AFVN


STATEMENT

IN CONNECTION WITH THE TERRORIST ATTACK
AT THE JEWISH MUSEUM IN BRUSSELS

International Human Rights Movement 'World Without Nazism' is deeply outraged by the act of terrorism at the Jewish Museum in Brussels, capital of the European Union. Regardless of who stands behind this attack – whether it is the Islamic fundamentalists or right-wing radicals – it is obvious that Europe is facing a new wave of neo-Nazism and extremism, the practical manifestation of which is terror.

The events of recent months and years indicate that countries of the European Union did not draw any conclusions from the activation of national radicals and extremists of every persuasion, which has been ongoing in the Old World for several decades. Terrorist attacks in Toulouse, France; in Oslo and the island of Utøya, Norway; murder of a British soldier Lee Rigby in London, UK; and the recent bloodshed in Odessa – all of these are links in the same chain, which is called neo-Nazism.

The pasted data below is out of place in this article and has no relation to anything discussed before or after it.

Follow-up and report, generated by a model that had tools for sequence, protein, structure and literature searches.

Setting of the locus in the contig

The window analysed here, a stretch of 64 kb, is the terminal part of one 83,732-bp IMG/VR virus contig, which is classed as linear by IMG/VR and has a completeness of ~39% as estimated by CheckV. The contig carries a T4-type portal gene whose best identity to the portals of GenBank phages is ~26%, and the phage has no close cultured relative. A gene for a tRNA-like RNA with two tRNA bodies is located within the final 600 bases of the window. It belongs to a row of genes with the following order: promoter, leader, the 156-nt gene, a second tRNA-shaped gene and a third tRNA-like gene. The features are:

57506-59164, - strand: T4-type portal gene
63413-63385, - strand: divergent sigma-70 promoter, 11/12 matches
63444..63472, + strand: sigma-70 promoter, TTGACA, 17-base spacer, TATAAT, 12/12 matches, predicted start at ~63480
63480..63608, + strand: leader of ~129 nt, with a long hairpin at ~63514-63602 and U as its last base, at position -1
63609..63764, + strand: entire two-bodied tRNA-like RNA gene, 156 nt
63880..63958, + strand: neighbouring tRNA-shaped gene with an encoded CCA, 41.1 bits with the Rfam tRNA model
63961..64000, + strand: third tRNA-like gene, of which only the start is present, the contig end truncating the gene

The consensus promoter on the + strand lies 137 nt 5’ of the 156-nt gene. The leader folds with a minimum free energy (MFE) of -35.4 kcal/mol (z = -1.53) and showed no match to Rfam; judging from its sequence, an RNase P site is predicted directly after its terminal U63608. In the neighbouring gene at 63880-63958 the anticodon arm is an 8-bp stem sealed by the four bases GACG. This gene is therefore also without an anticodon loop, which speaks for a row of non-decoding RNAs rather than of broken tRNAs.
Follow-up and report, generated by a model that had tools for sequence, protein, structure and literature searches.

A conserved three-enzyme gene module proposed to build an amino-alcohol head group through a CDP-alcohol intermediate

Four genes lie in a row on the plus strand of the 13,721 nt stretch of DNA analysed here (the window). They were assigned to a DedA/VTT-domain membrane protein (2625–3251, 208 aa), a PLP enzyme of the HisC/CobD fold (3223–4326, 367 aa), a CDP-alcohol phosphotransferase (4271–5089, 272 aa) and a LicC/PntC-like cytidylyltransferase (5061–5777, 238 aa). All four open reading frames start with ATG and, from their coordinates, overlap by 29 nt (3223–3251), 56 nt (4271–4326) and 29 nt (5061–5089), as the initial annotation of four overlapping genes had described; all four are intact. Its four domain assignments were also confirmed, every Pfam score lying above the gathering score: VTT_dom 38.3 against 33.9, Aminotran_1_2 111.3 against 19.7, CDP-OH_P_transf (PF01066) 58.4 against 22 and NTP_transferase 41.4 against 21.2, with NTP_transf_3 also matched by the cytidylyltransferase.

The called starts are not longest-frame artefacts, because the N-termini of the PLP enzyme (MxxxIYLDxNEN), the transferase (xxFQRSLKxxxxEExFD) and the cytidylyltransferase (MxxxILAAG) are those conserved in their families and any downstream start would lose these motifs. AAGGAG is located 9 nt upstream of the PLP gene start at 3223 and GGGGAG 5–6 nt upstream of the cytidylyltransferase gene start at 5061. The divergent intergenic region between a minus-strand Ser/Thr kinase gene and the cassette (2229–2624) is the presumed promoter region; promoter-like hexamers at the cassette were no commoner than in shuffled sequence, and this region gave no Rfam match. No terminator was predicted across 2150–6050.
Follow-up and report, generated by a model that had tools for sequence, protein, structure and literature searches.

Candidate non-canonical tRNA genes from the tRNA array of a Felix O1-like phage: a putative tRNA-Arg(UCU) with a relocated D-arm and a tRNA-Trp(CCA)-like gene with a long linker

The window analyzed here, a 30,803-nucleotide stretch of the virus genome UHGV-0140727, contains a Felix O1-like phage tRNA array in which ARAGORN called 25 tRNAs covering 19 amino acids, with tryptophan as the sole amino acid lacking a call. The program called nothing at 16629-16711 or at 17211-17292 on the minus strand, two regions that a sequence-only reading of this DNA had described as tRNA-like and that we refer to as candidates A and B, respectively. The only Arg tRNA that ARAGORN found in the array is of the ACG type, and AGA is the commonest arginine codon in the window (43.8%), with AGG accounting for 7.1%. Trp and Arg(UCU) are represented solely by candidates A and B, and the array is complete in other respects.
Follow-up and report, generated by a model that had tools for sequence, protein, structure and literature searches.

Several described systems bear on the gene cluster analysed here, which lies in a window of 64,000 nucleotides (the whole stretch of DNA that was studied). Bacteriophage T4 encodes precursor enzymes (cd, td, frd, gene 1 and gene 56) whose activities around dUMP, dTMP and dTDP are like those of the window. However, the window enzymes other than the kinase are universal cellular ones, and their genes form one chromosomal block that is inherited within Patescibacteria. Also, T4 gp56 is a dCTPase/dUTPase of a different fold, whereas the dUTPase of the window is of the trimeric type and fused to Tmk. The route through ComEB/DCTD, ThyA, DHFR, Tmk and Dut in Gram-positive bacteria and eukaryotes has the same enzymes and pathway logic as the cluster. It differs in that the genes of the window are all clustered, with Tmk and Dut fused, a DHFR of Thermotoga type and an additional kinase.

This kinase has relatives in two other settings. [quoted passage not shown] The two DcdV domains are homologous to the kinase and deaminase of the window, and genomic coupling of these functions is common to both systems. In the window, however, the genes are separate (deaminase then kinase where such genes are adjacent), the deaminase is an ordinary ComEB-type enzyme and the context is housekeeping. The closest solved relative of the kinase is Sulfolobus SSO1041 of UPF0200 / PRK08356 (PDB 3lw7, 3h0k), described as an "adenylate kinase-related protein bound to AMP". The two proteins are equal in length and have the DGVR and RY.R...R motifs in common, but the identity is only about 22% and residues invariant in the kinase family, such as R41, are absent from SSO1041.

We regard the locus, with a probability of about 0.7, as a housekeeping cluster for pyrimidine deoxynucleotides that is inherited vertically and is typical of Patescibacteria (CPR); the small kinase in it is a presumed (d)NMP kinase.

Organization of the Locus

The increasing bloodshed, the inaction of European politicians, and the underestimation of the neo-Nazi threat will result in this threat becoming more far-reaching. Politicians are still turning a blind eye at how rapidly the misanthropic ideology is spreading, at the activities of certain parties and movements which for some reason seems to be 'useful' at this stage, at the falsification of history – the ideological foundation of many extreme right movements.
All this is fraught with serious consequences, and recent terrorist attacks, including the one in Belgium, demonstrate this most clearly.

International Human Rights Movement 'World Without Nazism' expresses deep condolences to the victims of the terrorist act at the Jewish Museum in Brussels, as well as the Belgian authorities.

We urge the European governments to adopt decisive measures to curb the activities of neo-Nazi and radical nationalist organisations. To this end, we are proposing an international conference on the problem of radical nationalism, where representatives of government bodies from various countries and representatives of non-governmental organisations would design a common approach to the problem of neo-Nazism and the extreme right.


Boris Spiegel,

President of the International Human Rights Movement 'World Without Nazism'

May 26, 2014


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